Ismail Momoniat, the acting head of National Treasury.
- National Treasury’s acting director-general has called on private companies to shun Bain & Co.
- The global consultancy has been banned from tendering for state contracts in the UK for three years.
- The State Capture Inquiry report found that Bain colluded with top officials to weaken the SA Revenue Service.
- Get the biggest business stories emailed to you every weekday, or go to the TIF News front page.
National Treasury’s acting director-general, Ismail Momoniat, has called on companies in the private sector in South Africa and internationally not to do business with global consultancy Bain & Co.
“In my view, what they did at SARS [the SA Revenue Service] is akin to treason,” Momoniat said on Wednesday evening.
His remarks follow a decision by the British government to bar Bain from state contracts for three years due to “grave professional misconduct” in South Africa.
Momoniat acknowledged it was a “challenge” for South Africa’s government to take similar action to that of the UK.
“I am well aware that because of state capture, many of our institutions have been too slow to investigate or act against Bain,” he said. “This is one of the reasons for our poor assessment by the Financial Action Task Force.”
Momoniat, named acting DG last month, said Treasury was working to speed things up.
“National Treasury is actively exploring how to accelerate the process with the SA government to take appropriate action against Bain.”
‘Disappointed and surprised’
The decision to ban Bain was made by UK Cabinet Office minister Jacob Rees-Mogg, the Financial Times reported. He wrote to Bain’s UK leadership to say the work it did for the SA Revenue Service had rendered its integrity “questionable”.
Bain on Wednesday said it was “disappointed and surprised” by the UK government’s decision.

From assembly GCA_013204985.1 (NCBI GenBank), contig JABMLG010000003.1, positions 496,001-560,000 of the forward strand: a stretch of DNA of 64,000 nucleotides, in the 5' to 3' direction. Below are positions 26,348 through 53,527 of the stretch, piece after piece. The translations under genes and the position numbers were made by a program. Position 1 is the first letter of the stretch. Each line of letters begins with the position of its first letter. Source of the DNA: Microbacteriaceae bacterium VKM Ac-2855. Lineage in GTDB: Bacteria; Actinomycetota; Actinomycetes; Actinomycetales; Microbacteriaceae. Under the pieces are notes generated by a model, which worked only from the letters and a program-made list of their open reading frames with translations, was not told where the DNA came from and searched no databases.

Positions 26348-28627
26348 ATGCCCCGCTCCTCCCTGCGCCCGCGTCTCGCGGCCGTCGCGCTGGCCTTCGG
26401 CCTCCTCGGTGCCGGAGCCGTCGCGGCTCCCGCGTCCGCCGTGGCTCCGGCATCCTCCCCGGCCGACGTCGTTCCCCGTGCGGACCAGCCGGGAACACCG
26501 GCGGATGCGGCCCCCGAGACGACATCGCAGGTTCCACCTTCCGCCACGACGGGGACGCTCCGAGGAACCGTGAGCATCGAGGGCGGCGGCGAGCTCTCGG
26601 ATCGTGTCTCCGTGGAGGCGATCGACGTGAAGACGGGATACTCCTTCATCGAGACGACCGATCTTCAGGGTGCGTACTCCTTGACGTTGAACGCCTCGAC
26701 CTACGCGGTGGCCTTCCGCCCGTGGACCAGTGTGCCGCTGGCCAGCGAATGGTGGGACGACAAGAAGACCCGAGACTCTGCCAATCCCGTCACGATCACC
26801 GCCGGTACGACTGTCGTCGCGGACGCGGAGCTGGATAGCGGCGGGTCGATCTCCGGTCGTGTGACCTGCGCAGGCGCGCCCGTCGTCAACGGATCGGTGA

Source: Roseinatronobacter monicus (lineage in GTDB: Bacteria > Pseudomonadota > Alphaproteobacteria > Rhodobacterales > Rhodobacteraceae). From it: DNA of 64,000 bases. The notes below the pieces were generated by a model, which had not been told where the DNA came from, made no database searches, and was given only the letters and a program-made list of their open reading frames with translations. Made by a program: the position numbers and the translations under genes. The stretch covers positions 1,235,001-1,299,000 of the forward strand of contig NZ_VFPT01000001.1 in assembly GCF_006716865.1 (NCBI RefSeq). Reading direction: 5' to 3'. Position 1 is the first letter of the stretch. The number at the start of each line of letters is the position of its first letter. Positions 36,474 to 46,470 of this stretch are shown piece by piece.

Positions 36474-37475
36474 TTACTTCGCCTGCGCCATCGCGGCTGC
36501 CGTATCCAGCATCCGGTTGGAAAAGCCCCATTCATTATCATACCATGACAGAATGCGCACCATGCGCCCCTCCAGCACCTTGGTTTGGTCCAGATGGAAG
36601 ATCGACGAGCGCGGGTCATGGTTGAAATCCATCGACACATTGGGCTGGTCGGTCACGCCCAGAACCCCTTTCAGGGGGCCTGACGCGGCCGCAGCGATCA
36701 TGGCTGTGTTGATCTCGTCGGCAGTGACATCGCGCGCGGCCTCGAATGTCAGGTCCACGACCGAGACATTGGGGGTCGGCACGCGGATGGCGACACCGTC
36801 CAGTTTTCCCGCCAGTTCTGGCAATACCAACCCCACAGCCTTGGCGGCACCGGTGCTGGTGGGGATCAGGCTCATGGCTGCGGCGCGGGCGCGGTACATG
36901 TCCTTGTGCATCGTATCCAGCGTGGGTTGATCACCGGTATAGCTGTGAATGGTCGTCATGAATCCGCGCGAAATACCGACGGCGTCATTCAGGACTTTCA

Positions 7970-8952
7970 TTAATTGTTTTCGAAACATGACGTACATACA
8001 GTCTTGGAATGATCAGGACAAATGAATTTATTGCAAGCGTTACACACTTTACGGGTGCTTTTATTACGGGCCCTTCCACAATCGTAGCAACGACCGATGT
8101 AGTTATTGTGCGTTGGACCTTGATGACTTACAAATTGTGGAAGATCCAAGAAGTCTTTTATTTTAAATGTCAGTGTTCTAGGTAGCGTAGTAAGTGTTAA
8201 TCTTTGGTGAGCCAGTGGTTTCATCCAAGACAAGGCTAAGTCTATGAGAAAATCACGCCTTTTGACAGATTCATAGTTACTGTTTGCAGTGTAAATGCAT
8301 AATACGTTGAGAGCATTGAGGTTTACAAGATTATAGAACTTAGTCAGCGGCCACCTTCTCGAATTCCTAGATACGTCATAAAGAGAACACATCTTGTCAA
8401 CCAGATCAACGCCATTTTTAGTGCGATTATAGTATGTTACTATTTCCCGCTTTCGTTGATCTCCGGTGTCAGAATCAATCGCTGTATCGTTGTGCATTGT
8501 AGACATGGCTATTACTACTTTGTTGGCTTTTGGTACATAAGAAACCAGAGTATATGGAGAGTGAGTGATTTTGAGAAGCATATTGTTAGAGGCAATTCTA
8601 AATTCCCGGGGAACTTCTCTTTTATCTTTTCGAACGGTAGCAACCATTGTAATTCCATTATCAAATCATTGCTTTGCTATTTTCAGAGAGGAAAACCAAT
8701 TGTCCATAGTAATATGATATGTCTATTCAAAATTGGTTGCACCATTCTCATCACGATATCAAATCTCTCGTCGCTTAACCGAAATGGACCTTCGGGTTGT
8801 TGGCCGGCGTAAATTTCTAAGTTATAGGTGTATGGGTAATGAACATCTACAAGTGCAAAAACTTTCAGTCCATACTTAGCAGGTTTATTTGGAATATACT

“We will be responding to express our concern about the process and its outcome, where recommendations from the Cabinet Office were apparently overruled, and to address inaccuracies in the minister’s letter,” it said. “If necessary, we will then consider other options for review of the decision.”
The consultancy has repeatedly denied its South African team “knowingly” supported state capture. It said that it had repaid all fees, plus interest, that it had received for its work with SARS.
“Bain South Africa did not act illegally at SARS or elsewhere, and no evidence to the contrary has been put forward,” it said. “Bain did the SARS work in good faith with every intention of helping to make SARS an even better organisation.
The group said that while the Nugent and State Capture inquiries revealed “many mistakes, ” they found “no evidence of criminal behaviour”.
Bain and the State Capture Inquiry
Earlier this year, the State Capture Inquiry report found that Bain colluded with former SARS boss Tom Moyane and former president Jacob Zuma to “capture” the tax agency in a bid to weaken it.
“SARS’s investigatory and enforcement capacity presented a hurdle to those involved in organised crime, and was, therefore, a target for those engaged in state capture,” said the commission’s chair, Chief Justice Raymond Zondo.
Zondo recommended that authorities investigate all Bain’s contracts with South African departments for potential wrongdoing. Two weeks after the report was published, Bain stepped down from Business Leadership South Africa.
Momoniat also paid tribute to Lord Peter Hain – a former Labour Cabinet minister and anti-apartheid campaigner – for pressuring the UK government to bar Bain.
“Treasury supports Lord Hain and continues to work with other authorities to explore criminal charges against Bain in SA and the US,” he said.
Hain, who grew up in South Africa, said he was pleased with the UK government’s decision. Companies involved in state capture had to “feel the pain for the consequences of their corrupt and unlawful behaviour”, he added.
Hain and Bain whistleblower Athol Williams, who met with Rees-Mogg last month, have both called on South Africa and the US to take stricter action against the consultancy.
Williams – who briefly served as a partner on Bain SA’s oversight board before quitting and moving the the UK, citing safety concerns – said on Wednesday that South Africans should follow the British government’s example.
“They have rejected SA’s calls for justice, so now SA needs to reject them. I call on the SA government to ban Bain, and I call on every company currently working with them to terminate their contracts,” he said.
Williams said evidence showed that Bain US knew what was happening at SARS.
“Bain’s activity in SA wasn’t mere corruption, it was an attack on our democratic institutions. The US government should hold them responsible.”
Meanwhile, in an address to the House of Lords last month, Hain had said that Bain SA’s “shockingly shady behaviour” at SARS had been endorsed by its leadership in London and the US, where it is headquartered.
“I am asking that the UK government and the US government immediately suspend all public sector contracts with Bain and bar them from entering any new contracts,” he said.